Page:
Daniel Machator: To punish or reform? A church’s prison reformation agenda misjudged
Prisons serve as the final point in criminal justice administration since offenders are kept there as punishment for crimes committed. Imprisonment in recent times has transitioned from the era of offender warehousing to that which seeks to cure the precipitating factors that push people into the life of crime.
This demands that ‘societal misfits’ are taken through modules aimed at realigning their way of thinking to acceptable societal standards so that offenders re-enter society truly reformed.
Unlike in jurisdictions with best practices, Ghana’s prison system has struggled over the years to develop prisons into real centres of rehabilitation. Successive governments have invested little in this regard leaving most prisons in deplorable states.
It is not surprising in the light of the above that Ghanaians seem to downplay the struggles prison authorities endure to ensure that offenders do not only remain under lock and key but reform from the life of crime. The unfortunate situation has resulted in public disinterest in complementing the efforts of the Ghana Prisons Service directed at keeping society safe.
A hero castigated
In 2019, after years of near unsuccessful attempts at courting public partnerships for the expansion of prison infrastructure, the Church of Pentecost emerged as a worthy partner to fund this essential change. The church, which has contributed substantially to the reformation drive of the Service through evangelism and medical outreaches, had its Chairman, Apostle Eric Nyamkeye cut the sod for the commencement of construction of five 300-capacity camp prisons across the country.
Refreshingly, the first facility situated in Ejura was commissioned and handed over to the Ghana Prisons Service on the 11th of May 2021. This becomes one of the few purpose-built prison facilities in the country. The facility consists of two dormitory blocks, an administration block, visitor’s lounge, an infirmary, a church building, workshops, a football field and other essential offices. It is sad to note that news of this magnanimous gesture has been described as a misplaced priority by a section of Ghanaians.
The flak has centered around why a church would build a facility to house offenders instead of schools, health facilities, and factories. This is a clear indication that most Ghanaians do not see the prison as an extension of society but rather as ‘a devil’s den’ for punishing offenders. It is clear also that, society sees little or nothing wrong with the deplorable conditions in our prisons resulting in seeming disgust after the first pictures of the facility hit the media.
Ironically, society is quick to mention that some incarcerated persons re-enter society unchanged. They say so without realizing that our prisons require humane environments equipped with the right infrastructure to take inmates through structured regimes that will ensure that they come out of prison as individuals willing and able to lead law-abiding lives.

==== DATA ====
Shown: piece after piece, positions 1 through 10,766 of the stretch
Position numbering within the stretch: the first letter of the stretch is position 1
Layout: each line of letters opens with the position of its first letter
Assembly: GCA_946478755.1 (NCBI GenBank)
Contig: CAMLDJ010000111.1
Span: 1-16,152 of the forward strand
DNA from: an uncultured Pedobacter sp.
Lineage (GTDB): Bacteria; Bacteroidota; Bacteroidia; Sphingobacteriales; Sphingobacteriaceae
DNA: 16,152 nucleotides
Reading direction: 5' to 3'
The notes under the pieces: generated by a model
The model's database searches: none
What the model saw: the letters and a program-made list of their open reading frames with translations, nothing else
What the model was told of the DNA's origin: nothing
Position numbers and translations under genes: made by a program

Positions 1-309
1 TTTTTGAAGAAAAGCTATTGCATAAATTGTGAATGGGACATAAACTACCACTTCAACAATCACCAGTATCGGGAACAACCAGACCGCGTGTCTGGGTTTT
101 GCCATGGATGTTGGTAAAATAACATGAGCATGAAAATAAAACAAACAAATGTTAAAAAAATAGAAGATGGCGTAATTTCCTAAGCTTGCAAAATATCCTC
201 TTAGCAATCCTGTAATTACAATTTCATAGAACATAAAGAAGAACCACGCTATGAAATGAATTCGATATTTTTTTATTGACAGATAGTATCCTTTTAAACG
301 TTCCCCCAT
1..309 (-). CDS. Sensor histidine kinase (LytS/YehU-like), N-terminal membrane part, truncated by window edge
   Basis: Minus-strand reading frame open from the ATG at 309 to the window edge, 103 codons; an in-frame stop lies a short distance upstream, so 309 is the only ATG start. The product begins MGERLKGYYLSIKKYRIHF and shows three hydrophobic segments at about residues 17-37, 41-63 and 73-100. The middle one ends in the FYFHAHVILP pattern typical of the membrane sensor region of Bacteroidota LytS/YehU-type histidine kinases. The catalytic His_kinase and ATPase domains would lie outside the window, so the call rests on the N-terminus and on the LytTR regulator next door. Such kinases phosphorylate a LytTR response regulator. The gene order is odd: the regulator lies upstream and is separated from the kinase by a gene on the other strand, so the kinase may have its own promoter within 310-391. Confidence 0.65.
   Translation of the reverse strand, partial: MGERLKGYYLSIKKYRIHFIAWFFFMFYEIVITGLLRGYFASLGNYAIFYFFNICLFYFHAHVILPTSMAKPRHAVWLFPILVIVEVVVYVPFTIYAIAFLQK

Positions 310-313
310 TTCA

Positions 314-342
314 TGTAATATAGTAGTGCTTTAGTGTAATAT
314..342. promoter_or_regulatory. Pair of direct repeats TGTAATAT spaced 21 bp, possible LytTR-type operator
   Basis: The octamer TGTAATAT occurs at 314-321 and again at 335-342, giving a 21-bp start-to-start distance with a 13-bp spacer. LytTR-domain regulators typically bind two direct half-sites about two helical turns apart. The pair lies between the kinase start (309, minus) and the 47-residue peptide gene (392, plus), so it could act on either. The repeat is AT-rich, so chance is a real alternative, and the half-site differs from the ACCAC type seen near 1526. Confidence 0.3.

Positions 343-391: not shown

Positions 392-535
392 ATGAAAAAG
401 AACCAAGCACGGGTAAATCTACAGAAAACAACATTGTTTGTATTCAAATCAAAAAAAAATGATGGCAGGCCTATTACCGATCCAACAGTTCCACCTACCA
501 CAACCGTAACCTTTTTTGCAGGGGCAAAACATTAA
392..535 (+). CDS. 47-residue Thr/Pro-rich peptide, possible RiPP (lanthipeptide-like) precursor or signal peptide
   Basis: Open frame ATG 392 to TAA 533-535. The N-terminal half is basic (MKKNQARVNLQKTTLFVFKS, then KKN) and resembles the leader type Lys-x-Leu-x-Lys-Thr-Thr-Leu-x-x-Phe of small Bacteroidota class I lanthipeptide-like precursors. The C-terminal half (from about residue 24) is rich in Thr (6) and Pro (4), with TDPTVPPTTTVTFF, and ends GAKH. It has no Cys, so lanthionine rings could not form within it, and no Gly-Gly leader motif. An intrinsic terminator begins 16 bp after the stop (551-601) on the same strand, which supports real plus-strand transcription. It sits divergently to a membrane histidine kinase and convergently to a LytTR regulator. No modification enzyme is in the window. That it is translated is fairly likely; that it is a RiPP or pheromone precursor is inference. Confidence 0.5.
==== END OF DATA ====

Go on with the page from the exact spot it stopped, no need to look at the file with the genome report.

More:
Congestion festers into homosexuality, diseases, and recidivism
The congestion rate in our prisons stands at around 52% with about 15,000 prisoners struggling for 9,945 spaces. Prison administrators due to the overwhelming numbers are unable to do the proper classification of inmates to prevent contamination and limit the exposure of low-risk inmates to their high-risk colleagues. Weaklings who find themselves in same cells as powerful recidivists are sometimes bullied to trade their bodies for sleeping spaces.
Most of Ghana’s prisons are remnants of the colonial era. These forts, castles, and armouries are not purpose-built and as such do not present environments that support healthy living. Congestion in these facilities allows for easy transmission of diseases.
Though the prison administration over the years has attempted to alter facilities to make them more habitable, outbreaks of communicable diseases suggest that there is the need to invest in building requisite structures to support the wellbeing of offenders. One effect of the situation is that inmates lack the peace of mind and strength required to subscribe to prison rehabilitation programmes.
Another worrying trend in this direction is the fact that some offenders come out of prison just the way they entered; unskilled. The reason is that trade learning workshops required to champion the rehabilitation agenda of the Service are non-existent in most prisons. The few ones lucky to have them are highly under-resourced.
In effect, most offenders are not able to receive any form of trade training throughout their incarceration. These ex-convicts, under the slightest temptation, relapse into the life of crime after release as a way of survival due to unemployment.
Why prioritize prison reform?
Only a small number of Ghana’s prisoners spend their entire lives in prison, as most of them are released at a point. This is the reason why all should follow the unprecedented example of the Church of Pentecost by contributing to ensuring that offenders receive requisite moral and trade training to support meaningful living upon discharge.
It will also ensure that, they serve their sentences without feeling rejected by the society they call their own.
All should note that Ghanaians cannot enjoy sound sleep if ex-convicts re-enter society with the thought that they were unduly punished during their period behind bars. They could engage in crimes as payback for the pains they suffered behind bars.
The next time you are tempted to discourage a donor from supporting prison reform, be reminded that the prison is everybody’s second home. It takes the lenses of justice to point to us that we are not saints after all.